Learning a foreign language is a task much easier for children than for adults. But no matter how easily kids learn a language, they should anyway be exposed to it either within their family, a school or the media.
Yet, a male toddler in Golan heights (an area controlled by Israel) surprised its family and its community by starting speaking English out of the blue! The boy did not speak at all until the age of 2. Then, suddenly, he started using English expressions such as “My dear” and “Oh my goodness!”. His accent reminds of a typical child raised in Great Britain while its Arabic, the language of his family, is behind the level that one would expect at that age.
None of the family speaks English and the boy didn´t watch a lot of English-speaking programs on TV. Αs a nurse reported, his parents first contacted her to ask her about boy´s difficulties to communicate in Arabic.
“Then, they called me again and said he has a problem: He speaks, but he speaks like the king of England” she added.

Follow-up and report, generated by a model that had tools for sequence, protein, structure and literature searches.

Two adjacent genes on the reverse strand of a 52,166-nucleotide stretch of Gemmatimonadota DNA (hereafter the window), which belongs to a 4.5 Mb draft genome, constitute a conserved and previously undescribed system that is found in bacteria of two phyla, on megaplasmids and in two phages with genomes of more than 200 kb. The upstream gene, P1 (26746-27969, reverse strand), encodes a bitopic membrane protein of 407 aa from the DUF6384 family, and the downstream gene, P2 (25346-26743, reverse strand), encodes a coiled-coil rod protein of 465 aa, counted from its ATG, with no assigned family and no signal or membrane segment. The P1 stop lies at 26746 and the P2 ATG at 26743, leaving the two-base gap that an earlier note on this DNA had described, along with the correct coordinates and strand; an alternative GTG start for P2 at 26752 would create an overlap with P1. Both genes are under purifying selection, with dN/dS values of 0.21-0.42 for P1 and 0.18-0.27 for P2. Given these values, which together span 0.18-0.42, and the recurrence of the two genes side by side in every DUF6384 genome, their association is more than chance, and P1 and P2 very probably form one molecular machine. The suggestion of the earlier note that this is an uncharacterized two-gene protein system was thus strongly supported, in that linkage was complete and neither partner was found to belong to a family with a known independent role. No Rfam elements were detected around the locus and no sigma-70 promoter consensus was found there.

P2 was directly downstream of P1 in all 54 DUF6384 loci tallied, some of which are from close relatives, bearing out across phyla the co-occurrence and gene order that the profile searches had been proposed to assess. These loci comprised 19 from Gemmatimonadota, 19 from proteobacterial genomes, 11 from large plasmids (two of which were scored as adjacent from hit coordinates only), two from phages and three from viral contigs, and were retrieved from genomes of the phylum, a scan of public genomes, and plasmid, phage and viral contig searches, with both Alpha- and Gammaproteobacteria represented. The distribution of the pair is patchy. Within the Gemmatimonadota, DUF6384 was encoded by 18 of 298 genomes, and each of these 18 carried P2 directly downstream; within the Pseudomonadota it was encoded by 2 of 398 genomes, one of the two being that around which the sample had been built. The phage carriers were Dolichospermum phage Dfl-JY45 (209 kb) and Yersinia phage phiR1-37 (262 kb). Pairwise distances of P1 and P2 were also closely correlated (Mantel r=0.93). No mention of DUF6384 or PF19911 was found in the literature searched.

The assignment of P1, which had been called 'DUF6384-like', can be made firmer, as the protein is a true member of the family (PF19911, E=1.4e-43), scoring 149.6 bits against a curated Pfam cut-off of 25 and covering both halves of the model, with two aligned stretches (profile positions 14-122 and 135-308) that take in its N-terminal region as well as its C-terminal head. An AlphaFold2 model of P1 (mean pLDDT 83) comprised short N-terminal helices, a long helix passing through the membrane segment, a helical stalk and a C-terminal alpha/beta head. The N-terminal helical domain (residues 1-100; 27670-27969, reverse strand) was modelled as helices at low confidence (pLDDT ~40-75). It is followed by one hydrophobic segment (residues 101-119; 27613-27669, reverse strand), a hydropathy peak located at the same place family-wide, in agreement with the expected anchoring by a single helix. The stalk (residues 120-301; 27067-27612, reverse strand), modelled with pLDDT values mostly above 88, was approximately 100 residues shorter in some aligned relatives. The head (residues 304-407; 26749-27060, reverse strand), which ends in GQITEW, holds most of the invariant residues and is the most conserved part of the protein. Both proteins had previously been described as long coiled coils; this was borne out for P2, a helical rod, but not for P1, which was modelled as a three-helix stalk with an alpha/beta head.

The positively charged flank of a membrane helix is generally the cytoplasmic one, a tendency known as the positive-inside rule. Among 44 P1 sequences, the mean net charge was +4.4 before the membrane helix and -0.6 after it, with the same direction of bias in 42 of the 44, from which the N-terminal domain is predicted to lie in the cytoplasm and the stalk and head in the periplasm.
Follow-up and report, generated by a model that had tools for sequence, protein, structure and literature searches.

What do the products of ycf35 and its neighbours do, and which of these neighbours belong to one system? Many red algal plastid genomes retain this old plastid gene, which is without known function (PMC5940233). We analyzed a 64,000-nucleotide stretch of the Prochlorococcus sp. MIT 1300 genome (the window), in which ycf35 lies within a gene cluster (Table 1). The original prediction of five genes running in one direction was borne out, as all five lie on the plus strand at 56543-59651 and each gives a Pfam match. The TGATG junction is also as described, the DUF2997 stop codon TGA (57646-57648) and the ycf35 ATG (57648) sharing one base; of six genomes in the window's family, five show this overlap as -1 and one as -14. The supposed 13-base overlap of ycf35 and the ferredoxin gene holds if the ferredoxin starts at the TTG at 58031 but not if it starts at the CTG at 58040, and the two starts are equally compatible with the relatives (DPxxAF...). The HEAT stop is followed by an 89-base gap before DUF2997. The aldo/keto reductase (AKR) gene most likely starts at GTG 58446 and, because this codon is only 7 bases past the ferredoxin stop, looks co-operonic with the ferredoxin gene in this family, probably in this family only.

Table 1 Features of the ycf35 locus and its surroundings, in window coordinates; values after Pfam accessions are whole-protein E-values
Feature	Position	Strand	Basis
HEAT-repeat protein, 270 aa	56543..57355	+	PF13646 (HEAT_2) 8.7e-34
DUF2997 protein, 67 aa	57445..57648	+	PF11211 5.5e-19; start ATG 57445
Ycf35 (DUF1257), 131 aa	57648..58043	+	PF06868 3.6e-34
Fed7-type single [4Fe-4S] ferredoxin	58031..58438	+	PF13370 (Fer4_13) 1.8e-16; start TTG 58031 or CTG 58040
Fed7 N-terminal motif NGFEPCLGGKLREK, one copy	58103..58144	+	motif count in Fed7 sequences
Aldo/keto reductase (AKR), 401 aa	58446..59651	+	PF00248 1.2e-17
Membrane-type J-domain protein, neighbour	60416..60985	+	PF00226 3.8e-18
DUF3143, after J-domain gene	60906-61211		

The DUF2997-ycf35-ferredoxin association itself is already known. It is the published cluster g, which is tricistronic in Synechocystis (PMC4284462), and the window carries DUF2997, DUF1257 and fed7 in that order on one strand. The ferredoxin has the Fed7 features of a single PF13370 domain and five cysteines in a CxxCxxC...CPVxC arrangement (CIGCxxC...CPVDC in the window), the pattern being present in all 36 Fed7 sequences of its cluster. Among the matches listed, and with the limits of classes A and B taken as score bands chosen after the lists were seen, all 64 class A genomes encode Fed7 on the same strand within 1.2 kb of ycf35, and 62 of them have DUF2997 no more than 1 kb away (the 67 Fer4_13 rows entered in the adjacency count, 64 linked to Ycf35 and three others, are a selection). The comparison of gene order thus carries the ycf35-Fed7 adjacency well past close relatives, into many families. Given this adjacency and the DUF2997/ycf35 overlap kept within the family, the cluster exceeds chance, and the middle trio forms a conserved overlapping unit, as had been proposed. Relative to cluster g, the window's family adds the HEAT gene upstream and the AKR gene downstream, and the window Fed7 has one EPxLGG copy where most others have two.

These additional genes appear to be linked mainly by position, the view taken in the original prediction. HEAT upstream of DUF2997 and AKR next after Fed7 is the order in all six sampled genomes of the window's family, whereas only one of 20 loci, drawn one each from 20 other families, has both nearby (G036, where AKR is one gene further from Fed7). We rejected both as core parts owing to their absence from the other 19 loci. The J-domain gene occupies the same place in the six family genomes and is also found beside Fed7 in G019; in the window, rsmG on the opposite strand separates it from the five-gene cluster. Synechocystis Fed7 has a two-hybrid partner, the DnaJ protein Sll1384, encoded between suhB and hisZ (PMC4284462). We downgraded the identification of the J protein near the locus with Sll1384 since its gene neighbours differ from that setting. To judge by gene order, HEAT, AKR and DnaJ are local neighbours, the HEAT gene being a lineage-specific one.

According to some experts on the other hand, he sounds like a Pakistani person abiding in Southern London. In all cases, it remains inexplicable where he got this accent from.
Xenoglossy: a proof for Reincarnation?
The young boy comes from a Druze family. Although an Arabic-speaking minority living in Israel and in neighboring countries, the Druze faith considerably deviates from the monotheistic religions of that region. For the Druze community, reincarnation is a fundamental doctrine of their Faith.
A work authored by Gerard Russell under the title Heirs to Forgotten Kingdoms: Journeys Into the Disappearing Religions of the Middle East refers to this exceptional faith which has roots to Platonism and Gnosticism as well.
Generally, the phenomenon of a person speaking a language that has never heard before is called xenoglossy.
The fact that a person suddenly speaks a language that she or he has never heard before is quite mysterious. Reincarnation then sounds as a reasonable explanation. In this article Psi-Encyclopedia provides a number of cases that could be quite suggestive of that. And a classic work on this issue is the extraordinary Unlearned Language: New Studies in Xenoglossy written by Ian Stevenson.